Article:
February 19, 2016
CFPB Director Richard Cordray on the Rise of Forced Arbitration
As part of its Access to Justice series, ACS on Thursday hosted Director of the Consumer Financial Protection Bureau Richard Cordray for a discussion of how forced arbitration and other anti-consumer measures are harming average Americans. Cordray, the agency’s first director, has overseen the birth and growth of the CFPB, which sprung directly from the financial crisis of 2007-2008. During the ensuing years, the cumulative wealth of middle-income Americans fell drastically, and many families saw their net worth cut in half. The CFPB, he noted, was forged to ensure “consumer financial markets work by making rules more effective, by consistently and fairly enforcing those rules, and by empowering consumers to take more control over their economic lives.”
A burgeoning threat to consumers is mandatory arbitration agreements. Cordray explained that originally, arbitration was used primarily “in commercial disputes between businesses that bargained with each other to create tailored contracts; it was rarely used in disagreements between businesses and consumers.” Over the last two decades, however, “banks started including arbitration clauses in their consumer contracts, requiring any disputes or disagreements to be resolved through private arbitration.” He noted that the attorneys who advised these banks specifically pointed out that arbitration clauses can be used to block class action lawsuits.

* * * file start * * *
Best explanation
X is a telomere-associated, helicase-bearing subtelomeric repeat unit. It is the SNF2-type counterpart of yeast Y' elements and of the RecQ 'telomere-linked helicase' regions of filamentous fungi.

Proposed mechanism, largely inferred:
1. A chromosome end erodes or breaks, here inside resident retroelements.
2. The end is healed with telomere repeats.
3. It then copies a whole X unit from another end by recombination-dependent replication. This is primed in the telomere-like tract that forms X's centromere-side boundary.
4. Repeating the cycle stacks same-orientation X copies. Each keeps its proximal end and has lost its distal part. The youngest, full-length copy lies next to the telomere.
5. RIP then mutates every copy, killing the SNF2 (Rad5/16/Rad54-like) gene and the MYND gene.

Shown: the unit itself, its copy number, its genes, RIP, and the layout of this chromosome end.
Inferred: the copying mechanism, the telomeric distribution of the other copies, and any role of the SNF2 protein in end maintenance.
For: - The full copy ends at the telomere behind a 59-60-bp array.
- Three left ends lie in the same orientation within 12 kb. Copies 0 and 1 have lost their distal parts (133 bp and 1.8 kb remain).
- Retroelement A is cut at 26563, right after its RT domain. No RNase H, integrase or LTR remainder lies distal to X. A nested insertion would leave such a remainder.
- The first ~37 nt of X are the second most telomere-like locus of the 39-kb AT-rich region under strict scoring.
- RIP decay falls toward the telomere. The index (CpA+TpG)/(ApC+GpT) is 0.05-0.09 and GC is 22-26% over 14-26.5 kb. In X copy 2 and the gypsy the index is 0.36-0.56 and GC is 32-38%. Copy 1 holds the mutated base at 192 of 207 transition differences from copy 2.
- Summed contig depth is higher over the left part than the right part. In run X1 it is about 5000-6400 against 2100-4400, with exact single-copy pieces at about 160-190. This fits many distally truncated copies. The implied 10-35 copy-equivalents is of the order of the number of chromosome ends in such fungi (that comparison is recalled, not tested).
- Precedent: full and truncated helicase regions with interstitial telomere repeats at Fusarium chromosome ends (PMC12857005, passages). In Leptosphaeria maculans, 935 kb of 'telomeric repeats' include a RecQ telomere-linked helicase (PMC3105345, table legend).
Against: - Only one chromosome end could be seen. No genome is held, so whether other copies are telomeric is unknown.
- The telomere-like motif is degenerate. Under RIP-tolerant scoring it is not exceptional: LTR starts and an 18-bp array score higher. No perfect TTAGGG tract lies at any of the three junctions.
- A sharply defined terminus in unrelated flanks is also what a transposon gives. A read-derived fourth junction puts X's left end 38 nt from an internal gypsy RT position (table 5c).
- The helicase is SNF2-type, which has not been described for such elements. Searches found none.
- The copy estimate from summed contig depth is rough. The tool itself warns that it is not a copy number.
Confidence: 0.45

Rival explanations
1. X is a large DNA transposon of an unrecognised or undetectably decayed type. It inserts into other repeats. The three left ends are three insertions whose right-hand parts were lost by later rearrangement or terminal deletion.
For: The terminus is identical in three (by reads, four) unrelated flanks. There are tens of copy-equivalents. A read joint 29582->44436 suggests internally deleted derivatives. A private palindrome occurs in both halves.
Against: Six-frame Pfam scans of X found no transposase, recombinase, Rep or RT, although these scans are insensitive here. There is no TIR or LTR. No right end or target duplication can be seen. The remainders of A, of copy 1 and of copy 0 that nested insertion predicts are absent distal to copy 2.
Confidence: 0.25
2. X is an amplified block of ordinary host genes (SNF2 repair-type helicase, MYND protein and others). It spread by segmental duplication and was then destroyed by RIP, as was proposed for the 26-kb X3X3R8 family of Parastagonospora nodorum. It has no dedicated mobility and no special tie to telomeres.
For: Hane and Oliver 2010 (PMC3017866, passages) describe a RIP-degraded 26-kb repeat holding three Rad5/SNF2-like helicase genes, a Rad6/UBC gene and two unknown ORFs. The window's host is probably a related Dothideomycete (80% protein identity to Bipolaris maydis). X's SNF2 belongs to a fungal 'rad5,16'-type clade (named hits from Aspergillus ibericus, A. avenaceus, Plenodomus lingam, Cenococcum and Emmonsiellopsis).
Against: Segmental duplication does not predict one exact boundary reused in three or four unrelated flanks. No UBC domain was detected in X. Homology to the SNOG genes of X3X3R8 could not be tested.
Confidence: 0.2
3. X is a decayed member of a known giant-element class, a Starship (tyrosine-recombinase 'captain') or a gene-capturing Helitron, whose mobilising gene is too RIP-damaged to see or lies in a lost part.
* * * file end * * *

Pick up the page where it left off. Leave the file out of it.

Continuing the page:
To investigate the impact of increasingly common arbitration clauses, the CFPB undertook the most extensive study of consumer finance arbitration ever conducted, finding that tens of millions of consumers are subject to at least one mandatory arbitration clause—and most don’t even know it. Most importantly, the CFPB found that “arbitration clauses restrict consumers’ relief in disputes with financial service providers because companies are using them to block class proceedings in any forum – whether court or arbitration.”
While a consumer’s losses in an individual dispute may be small, Cordray said that class action suits and settlements constitute a “mechanism to bring about much-needed changes in business practices.” This deterrent effect ensures better behavior by corporations and saves billions of dollars for consumers as a whole. The CFPB study found consumers obtained $2.7 billion in class action settlements between 2008 and 2012, an amount that pales in comparison to the prospective savings consumers will enjoy as companies correct their errant behavior.
Cordray also laid out the CFPB’s proposals for limiting the harmful consequences of forced arbitration which include prohibiting the use of arbitration clauses to block class action lawsuits, gathering data on initial claims and awards in consumer financial arbitration disputes, and publishing such data for public consumption.
To read Richard Cordray’s full remarks at the Access to Justice event, click here. For more on how arbitration hurts the middle class and working poor, read the new ACS Issue Brief, Arbitration as Wealth Transfer, by Deepak Gupta and Lina Khan.